“Another popular way to have social media accounts hacked is to use unsecured Internet connections or computers (virus or malware infected computers). Through this, hackers can hijack sessions and even lock the users out or change their passwords, sniff unencrypted passwords and have it sent to them through that same system, unknown to the computer user,” she said. Adoba also said that some people reveal too much about themselves on social media making their passwords easy to compromise.
Buttressing a similar point, Chidi Onyekwere, a computer scientist, said online identity theft is the fastest growing area of social media scam. “First is social hacking, where a person hacks into social network accounts and starts soliciting funds from the victim’s friends,” he said. According to him, soliciting is done in such a genuine way that the victim’s friends will come to his aid not knowing his identity had been stolen.
“The second way is through a duplicate identity where a hacker creates another profile or page like the victim’s and uses all his information (picture, school, date of birth etc). The hacker then looks for people on the network that have similar information and adds them. Friends who may not be aware of this scam accept requests from the hacker, then the impersonation and solicitation begins,” he added.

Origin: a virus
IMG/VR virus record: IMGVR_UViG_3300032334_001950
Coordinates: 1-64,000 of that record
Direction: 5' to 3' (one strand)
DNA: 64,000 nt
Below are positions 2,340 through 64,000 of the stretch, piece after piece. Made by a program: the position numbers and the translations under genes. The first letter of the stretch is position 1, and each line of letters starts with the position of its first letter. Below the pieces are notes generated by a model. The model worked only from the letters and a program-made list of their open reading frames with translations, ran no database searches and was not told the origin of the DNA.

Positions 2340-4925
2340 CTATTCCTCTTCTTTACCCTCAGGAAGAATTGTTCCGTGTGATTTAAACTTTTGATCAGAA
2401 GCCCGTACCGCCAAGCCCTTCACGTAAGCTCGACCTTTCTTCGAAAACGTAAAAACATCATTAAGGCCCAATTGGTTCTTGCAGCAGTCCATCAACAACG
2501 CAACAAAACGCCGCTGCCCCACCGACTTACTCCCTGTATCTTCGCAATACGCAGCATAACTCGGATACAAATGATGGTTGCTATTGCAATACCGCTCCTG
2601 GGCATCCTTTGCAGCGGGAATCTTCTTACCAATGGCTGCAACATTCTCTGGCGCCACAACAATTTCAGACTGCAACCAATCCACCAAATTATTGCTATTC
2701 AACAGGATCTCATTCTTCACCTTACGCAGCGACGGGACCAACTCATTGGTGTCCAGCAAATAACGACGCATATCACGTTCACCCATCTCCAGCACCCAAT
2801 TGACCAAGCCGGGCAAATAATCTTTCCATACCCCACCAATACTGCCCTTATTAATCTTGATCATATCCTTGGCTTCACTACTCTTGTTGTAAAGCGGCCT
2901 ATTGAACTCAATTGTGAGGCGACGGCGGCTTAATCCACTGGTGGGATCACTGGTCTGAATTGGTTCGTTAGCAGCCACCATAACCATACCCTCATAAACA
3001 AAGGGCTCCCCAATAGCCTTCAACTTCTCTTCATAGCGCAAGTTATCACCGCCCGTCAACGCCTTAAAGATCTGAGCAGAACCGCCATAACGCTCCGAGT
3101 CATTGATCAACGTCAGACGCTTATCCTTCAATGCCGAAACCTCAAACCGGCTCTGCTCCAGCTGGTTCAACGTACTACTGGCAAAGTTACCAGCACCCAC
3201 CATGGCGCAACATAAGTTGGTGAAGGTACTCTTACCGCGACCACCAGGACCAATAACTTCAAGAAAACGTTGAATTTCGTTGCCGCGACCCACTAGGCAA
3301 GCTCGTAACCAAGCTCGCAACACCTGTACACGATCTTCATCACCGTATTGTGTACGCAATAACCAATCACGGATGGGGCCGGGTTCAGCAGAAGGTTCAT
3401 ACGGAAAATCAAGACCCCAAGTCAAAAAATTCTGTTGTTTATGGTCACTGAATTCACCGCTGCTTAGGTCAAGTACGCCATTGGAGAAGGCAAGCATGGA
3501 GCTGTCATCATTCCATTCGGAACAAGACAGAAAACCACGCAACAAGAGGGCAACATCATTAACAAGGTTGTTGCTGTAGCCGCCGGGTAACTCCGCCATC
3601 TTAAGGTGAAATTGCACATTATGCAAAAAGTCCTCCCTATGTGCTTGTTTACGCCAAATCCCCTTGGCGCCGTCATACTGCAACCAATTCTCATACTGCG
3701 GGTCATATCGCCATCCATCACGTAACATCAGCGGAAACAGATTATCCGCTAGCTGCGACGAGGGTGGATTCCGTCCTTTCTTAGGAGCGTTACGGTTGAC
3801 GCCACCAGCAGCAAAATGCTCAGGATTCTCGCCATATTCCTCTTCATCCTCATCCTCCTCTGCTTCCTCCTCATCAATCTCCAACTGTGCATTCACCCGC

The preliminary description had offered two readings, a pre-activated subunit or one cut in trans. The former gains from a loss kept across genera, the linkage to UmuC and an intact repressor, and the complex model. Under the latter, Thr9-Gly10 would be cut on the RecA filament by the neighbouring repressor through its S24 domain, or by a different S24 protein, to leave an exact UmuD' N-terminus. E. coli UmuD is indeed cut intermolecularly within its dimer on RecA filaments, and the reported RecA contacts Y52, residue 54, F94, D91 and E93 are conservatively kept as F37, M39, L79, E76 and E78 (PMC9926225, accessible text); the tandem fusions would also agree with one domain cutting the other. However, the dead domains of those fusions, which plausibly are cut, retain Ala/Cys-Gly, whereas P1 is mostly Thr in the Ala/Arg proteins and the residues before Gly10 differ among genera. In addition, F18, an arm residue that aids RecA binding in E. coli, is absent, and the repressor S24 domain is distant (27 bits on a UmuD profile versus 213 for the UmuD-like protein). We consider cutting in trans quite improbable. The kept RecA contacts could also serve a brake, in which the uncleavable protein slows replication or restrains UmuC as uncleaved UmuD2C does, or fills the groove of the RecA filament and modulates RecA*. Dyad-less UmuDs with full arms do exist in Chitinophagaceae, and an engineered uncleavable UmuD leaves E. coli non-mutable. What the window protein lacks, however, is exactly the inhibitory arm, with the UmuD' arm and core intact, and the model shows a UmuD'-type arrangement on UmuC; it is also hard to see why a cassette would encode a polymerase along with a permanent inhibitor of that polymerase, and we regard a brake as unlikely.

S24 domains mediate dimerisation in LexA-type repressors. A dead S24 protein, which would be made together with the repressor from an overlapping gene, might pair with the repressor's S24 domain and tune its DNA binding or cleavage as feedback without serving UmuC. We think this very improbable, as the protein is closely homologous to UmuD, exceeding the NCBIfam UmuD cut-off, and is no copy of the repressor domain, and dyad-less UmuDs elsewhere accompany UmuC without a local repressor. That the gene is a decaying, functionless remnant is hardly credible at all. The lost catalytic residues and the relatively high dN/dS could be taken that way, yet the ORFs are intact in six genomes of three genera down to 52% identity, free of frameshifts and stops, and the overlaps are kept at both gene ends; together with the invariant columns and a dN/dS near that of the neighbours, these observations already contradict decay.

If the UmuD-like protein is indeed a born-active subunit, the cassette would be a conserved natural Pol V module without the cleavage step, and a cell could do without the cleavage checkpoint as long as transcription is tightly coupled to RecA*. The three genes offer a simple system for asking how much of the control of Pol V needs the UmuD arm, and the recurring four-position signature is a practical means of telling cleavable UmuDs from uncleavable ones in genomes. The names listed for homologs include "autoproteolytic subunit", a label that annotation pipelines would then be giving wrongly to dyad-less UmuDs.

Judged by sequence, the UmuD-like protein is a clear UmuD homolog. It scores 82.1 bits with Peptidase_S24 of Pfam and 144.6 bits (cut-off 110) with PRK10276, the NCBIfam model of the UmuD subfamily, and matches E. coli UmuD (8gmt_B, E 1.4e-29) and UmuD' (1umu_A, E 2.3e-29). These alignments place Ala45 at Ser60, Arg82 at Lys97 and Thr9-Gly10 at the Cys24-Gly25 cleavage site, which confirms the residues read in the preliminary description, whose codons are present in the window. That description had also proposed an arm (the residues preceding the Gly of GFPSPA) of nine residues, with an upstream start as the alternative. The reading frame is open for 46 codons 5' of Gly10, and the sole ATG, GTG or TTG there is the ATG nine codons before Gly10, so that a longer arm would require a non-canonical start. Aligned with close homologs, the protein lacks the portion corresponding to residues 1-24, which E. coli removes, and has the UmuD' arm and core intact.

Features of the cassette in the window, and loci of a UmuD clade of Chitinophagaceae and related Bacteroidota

Although the police and other law enforcement agencies are working hard to checkmate the trend, there is still much to be done. In a recent newspaper interview, Ngozi Braide, Lagos state police public relations officer, said the police have been making arrests in respect of impersonation and social media crimes. She said the Special Fraud Unit which is directly in charge of making these arrests and charging the suspects to court has been very busy in various parts of the state.
In the same vein, government is also doing its part to see an end to cyber crimes. In 2005, ex-President Olusegun Obasanjo, set up a 15-member committee to design solutions for Internet fraud and cyber-crime. The committee came up with a draft cyber-crime Act, and also formed the Nigerian Cyber-crime Working Group to accelerate the implementation of the research and to also assist the National Assembly in the passage of the Cyber-crime Bill.
In December 2013, the Federal Executive Council approved a draft bill for control and detection of cyber-crime. The core objective of the bill is to provide an effective framework for the prohibition, prevention, detection and prosecution of cyber-crimes in Nigeria. The cyber-crime bill recommends a jail term as punishment upon conviction, for Internet fraudsters. This has generated controversy in the online community as many Nigerians have said the bill was too harsh.
Gbenga Ogunmuyiwa, a digital media expert, said it was a welcome development, but urged government to intensify efforts to prosecute social media fraudsters if the bill becomes law. “It is not just enough to pass these bills, government must ensure that social media fraudsters arrested are prosecuted and sent to jail if found guilty.”